WeForest Project


Ethiopia Amhara

A community based approach to restore degraded lands
Area restored
963 ha

Project Summary

In Machakel in the Ethiopian Amhara region, the local community is at the heart of the forest restoration project. Indigenous trees are planted on community land, gullies, river banks and farmland. Fruit and timber trees are planted on farms. Training the local people is an important aspect of it: villagers learn new skills and are asked to share those new skills with other villagers in the surrounding villages. This “train the trainer” approach enables the entire community to start protecting and restoring their own forests.

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    Seedlings growing at one of the nurseries. Examples of species are: the Olea europeana, Acacia abyssinica, Faidherbia albida, Graviliarobusta, ...
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    Workers take care of the young seedlings. They cover the bed with grass to avoid direct sun exposure and excessive moisture loss.
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    Degraded landscapes, mostly because of deforestation, heavy grazing, and soil erosion.
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    Empowering local communities.
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    Local women producing teff.


Machakel woreda, East-Gojam zone, Amhara region

Project Status


Restoration Approach

Framework Planting
Assisted Natural Regeneration
Enrichment Planting:

Planting Period

End June to beg August

Project Partners

The Hunger Project

Amhara National Regional State Bureau of Agriculture and Rural Development 


Faidherbia albida, Juniperus procera, Moringa stelapolata, Olea Europea, Pinus patula, Podocarpus spp

Project Goals

Restore native forest
Restore degraded lands
Promote economic development
Increase food security

Latest Project News

Rain starts play
| 09 July
9 July 2020
Growing a Brighter Future in Ethiopia, Amhara
| 10 January
10 January 2019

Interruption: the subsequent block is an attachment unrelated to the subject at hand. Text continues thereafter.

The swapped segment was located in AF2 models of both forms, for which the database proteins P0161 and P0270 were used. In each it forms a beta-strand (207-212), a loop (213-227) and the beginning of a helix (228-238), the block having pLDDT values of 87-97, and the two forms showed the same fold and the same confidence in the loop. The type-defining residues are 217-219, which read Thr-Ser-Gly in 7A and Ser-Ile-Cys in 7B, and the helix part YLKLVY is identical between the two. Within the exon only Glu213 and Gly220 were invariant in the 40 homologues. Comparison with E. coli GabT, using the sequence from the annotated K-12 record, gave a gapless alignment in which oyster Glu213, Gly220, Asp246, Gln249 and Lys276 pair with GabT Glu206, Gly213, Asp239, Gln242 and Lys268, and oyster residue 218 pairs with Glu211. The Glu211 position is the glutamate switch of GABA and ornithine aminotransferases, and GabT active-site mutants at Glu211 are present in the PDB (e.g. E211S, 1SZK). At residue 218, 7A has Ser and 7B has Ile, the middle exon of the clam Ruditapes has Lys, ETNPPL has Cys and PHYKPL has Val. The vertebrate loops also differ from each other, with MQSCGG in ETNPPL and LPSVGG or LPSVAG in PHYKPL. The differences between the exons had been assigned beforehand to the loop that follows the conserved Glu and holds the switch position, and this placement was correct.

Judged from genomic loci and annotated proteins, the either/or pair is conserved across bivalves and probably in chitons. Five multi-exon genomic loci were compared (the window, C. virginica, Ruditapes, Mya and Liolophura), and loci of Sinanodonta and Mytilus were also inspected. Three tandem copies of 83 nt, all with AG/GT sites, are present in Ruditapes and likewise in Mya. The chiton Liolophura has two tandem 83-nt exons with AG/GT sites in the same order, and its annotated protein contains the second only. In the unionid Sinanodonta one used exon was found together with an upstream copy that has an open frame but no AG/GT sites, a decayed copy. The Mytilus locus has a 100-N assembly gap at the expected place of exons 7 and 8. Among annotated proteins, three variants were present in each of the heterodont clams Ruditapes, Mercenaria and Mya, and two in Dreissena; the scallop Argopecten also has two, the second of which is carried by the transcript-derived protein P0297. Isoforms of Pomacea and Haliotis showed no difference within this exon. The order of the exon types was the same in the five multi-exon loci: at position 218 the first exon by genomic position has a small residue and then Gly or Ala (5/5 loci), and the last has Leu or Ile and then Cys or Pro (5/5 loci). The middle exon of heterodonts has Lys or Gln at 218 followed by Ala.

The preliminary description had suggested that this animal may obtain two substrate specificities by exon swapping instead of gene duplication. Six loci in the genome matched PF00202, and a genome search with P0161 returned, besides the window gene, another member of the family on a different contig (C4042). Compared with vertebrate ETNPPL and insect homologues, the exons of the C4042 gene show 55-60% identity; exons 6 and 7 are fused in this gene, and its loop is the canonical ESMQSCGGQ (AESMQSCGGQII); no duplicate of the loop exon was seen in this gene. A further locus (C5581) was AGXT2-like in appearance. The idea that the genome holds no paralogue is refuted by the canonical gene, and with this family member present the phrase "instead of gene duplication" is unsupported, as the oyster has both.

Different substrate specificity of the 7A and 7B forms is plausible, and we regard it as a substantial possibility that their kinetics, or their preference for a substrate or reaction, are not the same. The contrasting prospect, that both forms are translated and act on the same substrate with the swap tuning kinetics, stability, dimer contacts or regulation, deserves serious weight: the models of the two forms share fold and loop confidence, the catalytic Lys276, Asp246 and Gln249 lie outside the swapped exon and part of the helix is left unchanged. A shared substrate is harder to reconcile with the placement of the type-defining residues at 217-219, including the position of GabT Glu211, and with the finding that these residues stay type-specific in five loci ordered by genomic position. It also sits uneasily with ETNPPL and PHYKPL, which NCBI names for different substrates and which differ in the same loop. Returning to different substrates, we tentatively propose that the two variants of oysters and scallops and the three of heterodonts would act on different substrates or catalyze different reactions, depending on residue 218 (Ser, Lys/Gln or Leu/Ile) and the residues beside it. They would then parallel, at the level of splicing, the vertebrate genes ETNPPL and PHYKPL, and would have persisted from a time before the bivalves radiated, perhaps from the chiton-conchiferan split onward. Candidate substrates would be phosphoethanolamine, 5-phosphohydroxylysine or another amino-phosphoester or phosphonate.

Brabantia's community tree nurseries
| 30 March
30 March 2017
News from the field in Amhara
| 17 January
17 January 2017
How gullies threaten livelihoods
| 05 January
5 January 2017

Why is intervention needed?

With 85% of Ethiopia’s population engaged in agriculture, the level of deforestation for crops for firewood or charcoal is extreme, causing extensive soil erosion and the formation of gullies. As little as 6% of forest in Machakel remains today. As a result, soil fertility declines to such an extent that local people now struggle to grow crops and raise livestock. Our focus is reverse this trend and ensure alternative sources of fuel, shelter and income.

Livelihood development

Poverty alleviation first

Today, one third of Ethiopia’s population is living below the poverty line. WeForest partners with the Hunger Project who re specialized in poverty alleviation.
Fruit and timber trees, apiculture, brick production, cooking-stove and fodder production offer additional income to diversify income streams in ways that ease pressure on the surrounding forest. We prefer to engage women and youths throughout our project activities, whenever possible in order to ensure the benefiting directly the most vulnerable among the communities.

Teach a man how to fish….

Using the “train the trainer” approach, “Animators” are trained in a variety of project activities from seeds collection to sustainable harvesting of non-timber forest products and are tasked with passing on training others. This efficient model serves to place leadership back into the hands of local people encouraging communities to become more resilient and self-reliant.